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[444] you are so well fitted, and for which atoning grace may prepare me.

May 2, 1864. The sweet bright days are gone, and now the stern work of war is to begin. . . . You must not be more uneasy than you can possibly help. . . . but, above all, remember that in any event I humbly hope and believe that we will meet again in heaven.

May 3, 1864. We have everything to be thankful for since this time last year; let us trust Him for the future. I intend to try and live so that if I am taken we may meet as we must do in that world where there is no more parting, and where sin and sorrow are unknown.

The spirit of trustfulness in the living Redeemer—that spirit whose gradual development may be traced, if we mistake not, in these touching words—is the crowning grace of a noble character.

‘Do we exaggerate when we say that the death of such a man was a sore and bitter loss, not only to his friends and family, but to his native land as well? The brain to conceive, the heart to dare, the hand to execute—all these went down with him and are lost to us to-day. The great old Commonwealth has not yet lost, it may be, the “breed of noble minds;” but none of her living sons possess a grander organization than the young soldier whose great qualities we have here so inadequately depicted.’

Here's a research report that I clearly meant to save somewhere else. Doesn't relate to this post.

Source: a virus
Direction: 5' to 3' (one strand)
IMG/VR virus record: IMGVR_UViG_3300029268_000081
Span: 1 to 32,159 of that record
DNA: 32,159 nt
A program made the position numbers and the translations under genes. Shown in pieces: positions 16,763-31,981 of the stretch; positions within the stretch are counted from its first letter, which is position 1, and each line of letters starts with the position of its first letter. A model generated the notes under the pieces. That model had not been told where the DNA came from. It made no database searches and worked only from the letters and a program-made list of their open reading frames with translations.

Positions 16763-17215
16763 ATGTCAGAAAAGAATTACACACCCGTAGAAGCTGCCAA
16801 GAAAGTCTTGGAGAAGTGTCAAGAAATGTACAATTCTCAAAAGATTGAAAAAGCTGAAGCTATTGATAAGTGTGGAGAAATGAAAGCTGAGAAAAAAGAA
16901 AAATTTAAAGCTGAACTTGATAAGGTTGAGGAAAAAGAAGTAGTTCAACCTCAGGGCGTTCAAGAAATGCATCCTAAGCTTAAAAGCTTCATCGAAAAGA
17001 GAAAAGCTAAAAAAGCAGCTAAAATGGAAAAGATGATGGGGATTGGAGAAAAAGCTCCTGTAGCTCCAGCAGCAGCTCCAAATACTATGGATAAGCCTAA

Colonel J. Thompson Brown, of the First Virginia Artillery, who fell at the battle of the Wilderness, was thus spoken of at the close of a memorial sketch by Hon. B. Johnson Barbour:

Colonel Brown united in his character in a remarkable degree the excellencies of a soldier, the qualities of a gentleman, and the virtues of a Christian. To a cultivated intellect he joined judgment, energy, and promptitude, and was conspicuous for his gallantry in all the battles of the war in which he was engaged. He possessed the love of his soldiers, the esteem of his commanders, and the admiration of his native State.

And thus we close the record of this brave young soldier, painfully conscious of the imperfect manner in which our portion of the duty has been performed, but finding compensation in the reflection that his truest and best epitaph is declared in the multiplied evidences we have given of the unusual and universal grief which his death brought to all his companions in arms, from the

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